Gender pay gap report: 'could do better'
Wednesday, April 25, 2018
The new reporting requirements have shone a light on an uncomfortable truth for the printing industry overall.
Quick test: name a female boss at a large print business.
Nope, me neither. In fact, you have to get down to number 24 in PrintWeek’s Top 500, and CPI Group, where the business is run by two talented women: Alison Kaye and Tanya Dunbar.
There are other notable examples of women in the upper echelons of large industry players: Walstead Group has two women on its main board: CFO Zoe Repman and group commercial director Debbie Read. And APS Group executive director Kim Naylor has spent her whole career in the industry.
At Moo, a company that can be considered young and funky by general industry standards, four out of 12 members of the firm’s leadership team are women, yet Moo’s gender pay gap figures are 23.2% and 28.9% lower for women for the mean and median pay rates respectively.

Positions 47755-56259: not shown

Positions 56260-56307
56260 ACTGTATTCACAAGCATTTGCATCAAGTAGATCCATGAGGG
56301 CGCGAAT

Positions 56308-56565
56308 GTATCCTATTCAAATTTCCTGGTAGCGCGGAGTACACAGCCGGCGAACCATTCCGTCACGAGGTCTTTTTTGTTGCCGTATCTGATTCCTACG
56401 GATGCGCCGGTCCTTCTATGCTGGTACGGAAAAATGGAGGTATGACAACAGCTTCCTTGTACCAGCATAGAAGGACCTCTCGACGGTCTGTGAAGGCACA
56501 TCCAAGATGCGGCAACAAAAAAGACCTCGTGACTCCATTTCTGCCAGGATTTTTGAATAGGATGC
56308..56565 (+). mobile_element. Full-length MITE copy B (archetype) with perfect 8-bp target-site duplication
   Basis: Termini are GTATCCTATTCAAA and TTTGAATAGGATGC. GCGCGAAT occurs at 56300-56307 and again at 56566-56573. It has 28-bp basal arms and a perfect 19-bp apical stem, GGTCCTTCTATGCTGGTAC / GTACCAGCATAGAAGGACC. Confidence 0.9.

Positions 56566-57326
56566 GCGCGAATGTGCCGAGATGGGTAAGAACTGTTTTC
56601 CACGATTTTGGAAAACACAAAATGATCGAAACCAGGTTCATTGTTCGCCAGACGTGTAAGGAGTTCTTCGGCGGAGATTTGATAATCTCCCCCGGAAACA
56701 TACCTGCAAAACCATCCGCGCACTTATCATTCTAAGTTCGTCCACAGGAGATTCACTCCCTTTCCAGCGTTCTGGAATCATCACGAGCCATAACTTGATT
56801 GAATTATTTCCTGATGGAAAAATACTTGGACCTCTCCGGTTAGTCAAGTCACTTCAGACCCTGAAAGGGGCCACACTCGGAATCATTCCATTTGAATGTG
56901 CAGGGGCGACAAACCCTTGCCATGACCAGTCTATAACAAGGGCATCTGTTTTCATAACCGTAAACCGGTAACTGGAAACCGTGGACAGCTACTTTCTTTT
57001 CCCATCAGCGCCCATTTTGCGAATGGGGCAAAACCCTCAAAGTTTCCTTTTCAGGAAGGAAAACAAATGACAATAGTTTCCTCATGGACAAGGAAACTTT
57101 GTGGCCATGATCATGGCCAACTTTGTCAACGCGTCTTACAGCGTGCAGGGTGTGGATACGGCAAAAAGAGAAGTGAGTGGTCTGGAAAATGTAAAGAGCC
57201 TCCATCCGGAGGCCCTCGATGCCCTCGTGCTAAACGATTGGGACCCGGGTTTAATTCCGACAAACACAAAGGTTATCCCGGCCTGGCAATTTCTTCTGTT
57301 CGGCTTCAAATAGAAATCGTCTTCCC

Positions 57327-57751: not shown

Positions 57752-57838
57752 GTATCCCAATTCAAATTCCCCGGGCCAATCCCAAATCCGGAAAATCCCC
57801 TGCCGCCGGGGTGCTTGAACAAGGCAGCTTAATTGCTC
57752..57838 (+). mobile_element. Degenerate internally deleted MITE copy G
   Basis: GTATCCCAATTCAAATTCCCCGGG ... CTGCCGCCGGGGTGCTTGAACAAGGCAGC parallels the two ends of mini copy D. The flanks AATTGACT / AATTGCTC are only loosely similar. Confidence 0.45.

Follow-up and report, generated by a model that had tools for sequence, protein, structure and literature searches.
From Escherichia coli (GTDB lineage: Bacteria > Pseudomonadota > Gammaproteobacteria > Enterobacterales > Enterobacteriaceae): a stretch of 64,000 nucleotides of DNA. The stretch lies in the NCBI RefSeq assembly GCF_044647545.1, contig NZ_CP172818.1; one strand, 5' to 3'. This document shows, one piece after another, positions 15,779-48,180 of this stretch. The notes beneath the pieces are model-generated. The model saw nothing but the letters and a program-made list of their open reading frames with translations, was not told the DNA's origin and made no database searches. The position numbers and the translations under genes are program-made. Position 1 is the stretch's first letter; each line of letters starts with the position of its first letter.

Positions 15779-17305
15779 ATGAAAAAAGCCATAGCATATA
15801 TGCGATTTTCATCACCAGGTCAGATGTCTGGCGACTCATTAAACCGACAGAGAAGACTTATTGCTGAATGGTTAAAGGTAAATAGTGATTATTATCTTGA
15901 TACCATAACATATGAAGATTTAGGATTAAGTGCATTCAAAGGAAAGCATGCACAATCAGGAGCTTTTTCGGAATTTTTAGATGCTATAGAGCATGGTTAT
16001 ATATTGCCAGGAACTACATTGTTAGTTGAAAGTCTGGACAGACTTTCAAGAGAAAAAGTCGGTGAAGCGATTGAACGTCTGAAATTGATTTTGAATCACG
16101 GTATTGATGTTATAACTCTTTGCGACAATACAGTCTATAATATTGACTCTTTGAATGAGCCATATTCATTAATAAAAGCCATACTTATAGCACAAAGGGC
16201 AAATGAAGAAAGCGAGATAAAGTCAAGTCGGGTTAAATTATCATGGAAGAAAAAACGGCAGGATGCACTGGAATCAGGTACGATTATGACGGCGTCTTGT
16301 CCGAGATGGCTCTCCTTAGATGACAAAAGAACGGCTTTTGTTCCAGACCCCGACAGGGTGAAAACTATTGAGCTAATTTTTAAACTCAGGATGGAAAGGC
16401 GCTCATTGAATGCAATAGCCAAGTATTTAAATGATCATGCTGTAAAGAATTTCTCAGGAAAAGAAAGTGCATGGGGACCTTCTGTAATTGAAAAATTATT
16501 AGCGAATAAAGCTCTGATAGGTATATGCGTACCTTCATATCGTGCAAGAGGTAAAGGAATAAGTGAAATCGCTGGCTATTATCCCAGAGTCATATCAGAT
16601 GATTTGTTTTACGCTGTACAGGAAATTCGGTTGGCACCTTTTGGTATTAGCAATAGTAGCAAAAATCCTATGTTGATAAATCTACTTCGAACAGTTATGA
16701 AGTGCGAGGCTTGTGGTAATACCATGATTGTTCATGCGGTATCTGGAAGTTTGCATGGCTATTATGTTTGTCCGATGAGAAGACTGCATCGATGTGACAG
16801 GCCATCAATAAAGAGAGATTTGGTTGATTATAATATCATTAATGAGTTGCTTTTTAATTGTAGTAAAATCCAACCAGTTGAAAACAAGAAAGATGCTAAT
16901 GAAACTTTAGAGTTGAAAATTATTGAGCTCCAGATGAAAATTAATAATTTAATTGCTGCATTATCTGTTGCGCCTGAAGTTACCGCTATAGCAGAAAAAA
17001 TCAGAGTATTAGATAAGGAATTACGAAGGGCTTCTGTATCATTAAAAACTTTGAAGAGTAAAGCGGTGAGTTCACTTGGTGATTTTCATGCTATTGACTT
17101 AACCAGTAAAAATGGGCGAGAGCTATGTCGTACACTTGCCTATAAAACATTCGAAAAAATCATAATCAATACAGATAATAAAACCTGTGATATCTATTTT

It’s noteworthy that alongside its filing Moo has taken the opportunity to file an ‘employer’s gender pay gap report’. This frank and fulsome report includes a breakdown of the stats across all its employees globally, and CEO Richard Moross has also outlined Moo’s action plan to close its gender pay gap. It’s worth a read and you can find it here.
The employer’s report at least gives companies an opportunity to add some context of their own, as Linneys has done, too, in its statement.
If I were a young, talented person in the process of considering what makes an employer of choice, I would be poring over this stuff with great interest.
What’s odd is that some businesses have not chosen to file any commentary at all, which seems like a missed opportunity especially when the accompanying bald numbers look bad. Or, indeed, awful.
It’s no surprise that in a traditionally male-dominated industry print’s gender pay gap figures overall are pretty rubbish, with just a handful of notable exceptions in our table. And I do realise that the reporting requirements are something of a blunt instrument.
Nevertheless, the inaugural stats are informative and in many cases unacceptable and should give the chaps that dominate the majority of our industry’s boardrooms cause for concern.